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Opinions of Monday, 30 July 2018

Columnist: Alex Blege

Pedestrian safety: in light of pedestrian crossing and traffic lights

Everybody is a pedestrian: no matter who, where and when. Consequently, issues that concern safety of pedestrians should be a matter that concerns everybody.

It is worthy to note that pedestrians are legitimate road users, and as such it is appropriate and prudent to provide safe and convenient pedestrian crossings and traffic lights to facilitate their mobility on the road.

Crossing the road safely is the right of every pedestrian so it is crucial to observe the rules that guide facilitating the rights of the pedestrian. Since the issue of pedestrians’ safety on the roads border on human life, the sixth target of the United Nations Sustainable Development Goals (SDGs) 3 aims at halving the number of global deaths and injuries from traffic accidents. Meanwhile, in Ghana, media reports on the facilities that enhance the safety of pedestrians across most metropolitan and municipal assemblies leaves much to be desired.

In a Joy News Agenda on damaged traffic control signals, out of a number traffic control signals that have been installed in the Ashaiman Municipality only one is functioning and thereby endangering the lives of pedestrians especially children. While at the Palm-wine junction in the La Dadekotopon Municipality the traffic control signal at the intersection is dysfunctional; consequently lives are lost every now and then at the intersection.

It looks as if we live in a country where human life means next to thing to individuals who work in the district, municipal, metropolitan and regional offices of the Urban Roads Department. And while this anomaly persists lives are lost by the day. The issue looks as if there’s nothing wrong if lives are lost as a consequence of negligence as well as dereliction.

In our country we have a negative trait that has permeated the very fabric of our sense of responsibility. While in some developed countries, officials who have oversight responsibilities over safety of the citizenry will resign for not performing a perfunctory function, officials on this side of the globe will give lame excuses such as the contractor says he has not received the full payment so the work is not done.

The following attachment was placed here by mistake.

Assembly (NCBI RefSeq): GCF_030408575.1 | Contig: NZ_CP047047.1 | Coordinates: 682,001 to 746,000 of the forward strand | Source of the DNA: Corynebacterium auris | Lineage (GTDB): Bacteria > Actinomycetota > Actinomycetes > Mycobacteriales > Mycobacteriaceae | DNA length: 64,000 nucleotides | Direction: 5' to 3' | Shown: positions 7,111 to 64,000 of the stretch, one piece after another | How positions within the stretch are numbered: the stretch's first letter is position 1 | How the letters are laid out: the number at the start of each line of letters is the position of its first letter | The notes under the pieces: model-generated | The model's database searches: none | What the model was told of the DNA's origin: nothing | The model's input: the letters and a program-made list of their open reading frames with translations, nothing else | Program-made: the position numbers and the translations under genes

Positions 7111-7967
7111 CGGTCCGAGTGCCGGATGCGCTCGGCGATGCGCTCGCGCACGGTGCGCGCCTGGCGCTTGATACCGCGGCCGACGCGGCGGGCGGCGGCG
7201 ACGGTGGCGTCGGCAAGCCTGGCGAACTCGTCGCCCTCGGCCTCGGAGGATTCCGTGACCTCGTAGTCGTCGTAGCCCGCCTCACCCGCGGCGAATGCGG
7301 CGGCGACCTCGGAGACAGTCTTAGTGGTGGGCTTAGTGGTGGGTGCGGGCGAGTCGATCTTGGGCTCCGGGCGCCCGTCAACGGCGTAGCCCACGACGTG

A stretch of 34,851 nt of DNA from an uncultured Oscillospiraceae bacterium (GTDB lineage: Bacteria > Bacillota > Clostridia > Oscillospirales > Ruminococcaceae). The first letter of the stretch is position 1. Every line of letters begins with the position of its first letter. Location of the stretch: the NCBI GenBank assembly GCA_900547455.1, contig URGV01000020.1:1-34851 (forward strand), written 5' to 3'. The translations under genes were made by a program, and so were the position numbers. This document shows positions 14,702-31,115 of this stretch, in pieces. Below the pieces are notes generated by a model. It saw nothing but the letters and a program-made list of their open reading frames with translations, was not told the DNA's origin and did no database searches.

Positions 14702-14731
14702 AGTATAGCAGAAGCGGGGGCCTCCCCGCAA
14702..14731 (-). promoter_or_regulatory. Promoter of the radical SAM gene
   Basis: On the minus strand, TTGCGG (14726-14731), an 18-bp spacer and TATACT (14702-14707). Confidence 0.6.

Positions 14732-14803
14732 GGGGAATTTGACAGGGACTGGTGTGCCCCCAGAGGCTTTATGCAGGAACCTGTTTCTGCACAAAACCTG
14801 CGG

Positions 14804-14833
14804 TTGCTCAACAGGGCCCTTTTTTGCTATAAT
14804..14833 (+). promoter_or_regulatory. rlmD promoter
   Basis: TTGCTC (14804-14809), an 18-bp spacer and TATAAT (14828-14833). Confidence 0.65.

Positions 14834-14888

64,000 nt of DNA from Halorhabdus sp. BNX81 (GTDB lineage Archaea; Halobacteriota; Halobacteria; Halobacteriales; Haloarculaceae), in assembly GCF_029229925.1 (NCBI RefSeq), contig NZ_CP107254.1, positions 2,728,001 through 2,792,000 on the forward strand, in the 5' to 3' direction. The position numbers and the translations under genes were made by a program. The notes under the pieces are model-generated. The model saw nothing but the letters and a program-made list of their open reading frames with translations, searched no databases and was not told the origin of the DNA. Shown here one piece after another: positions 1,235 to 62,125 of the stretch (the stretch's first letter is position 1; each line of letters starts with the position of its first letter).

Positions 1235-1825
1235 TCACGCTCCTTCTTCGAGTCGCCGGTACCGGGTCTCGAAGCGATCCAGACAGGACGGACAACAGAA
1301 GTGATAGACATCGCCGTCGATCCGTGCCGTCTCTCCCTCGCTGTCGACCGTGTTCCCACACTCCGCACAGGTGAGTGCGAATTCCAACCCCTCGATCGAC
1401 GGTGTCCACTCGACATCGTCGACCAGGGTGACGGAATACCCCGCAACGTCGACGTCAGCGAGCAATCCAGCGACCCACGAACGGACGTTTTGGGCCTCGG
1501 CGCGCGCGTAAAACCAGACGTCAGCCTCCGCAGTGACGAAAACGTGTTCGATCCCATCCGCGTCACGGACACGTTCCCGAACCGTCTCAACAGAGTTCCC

What a shame? Should we allow pedestrians especially school pupils to die before we’re jolted into action? In urban areas of this country where children cross the busy roads in the mornings and afternoons on their way to and upon return from school, the lives of these school children are in one danger or the other in the course of crossing these roads. A careful observation of the attitude of those driving or riding towards pedestrian crossings in the Wa Municipality is nothing to write home about. Unfortunately, motorists usually spotted speaking on the mobile phone while they are drawing closer to a pedestrian crossing at top speed.

In apprehension these school children and other pedestrians are seen running across the pedestrian crossings. Sometimes one cannot blame the sense of apprehension of these pupils and other pedestrians who run instead of walking briskly across the road; since those motorist are on top speed. On some occasions one has to shout to these motorists in an attempt to remind them that it is important to slow down upon reaching a zebra crossing.

It’s true that most schools in the Wa Municipality have school buses which convey their pupils from their homes to the schools and back; while this is good for business, it is important that these private schools take the initiatives of providing wooden boxes together with green and red flags for pupils to use in drawing attention to motorists when they want to cross the roads. These boxes with the flags can be positioned at intersections across the municipality.

This will show that the schools are not only interested in the academic and business benefits of the children who attend their schools, instead they have interest in their safety on the roads too. In addition, the Motor Traffic and Transport Department of the Ghana Police, National Road Safety Commission and the Ghana Private Road Transport Union should embark on a campaign on educating the public and school children on the importance of pedestrian crossings.

Road safety experts argue that, “Pedestrians have a right to cross roads safely and, therefore, planners and engineers have a professional responsibility to plan, design, and install safe crossing facilities”. Thus, allowing accidents to happen because a traffic control signal is dysfunctional or the dereliction of the duty to educate the public on the importance of a pedestrian crossing is an infringement of the rights of everybody who crosses the road.

We can avoid the needless deaths!

The writer is a freelance journalist.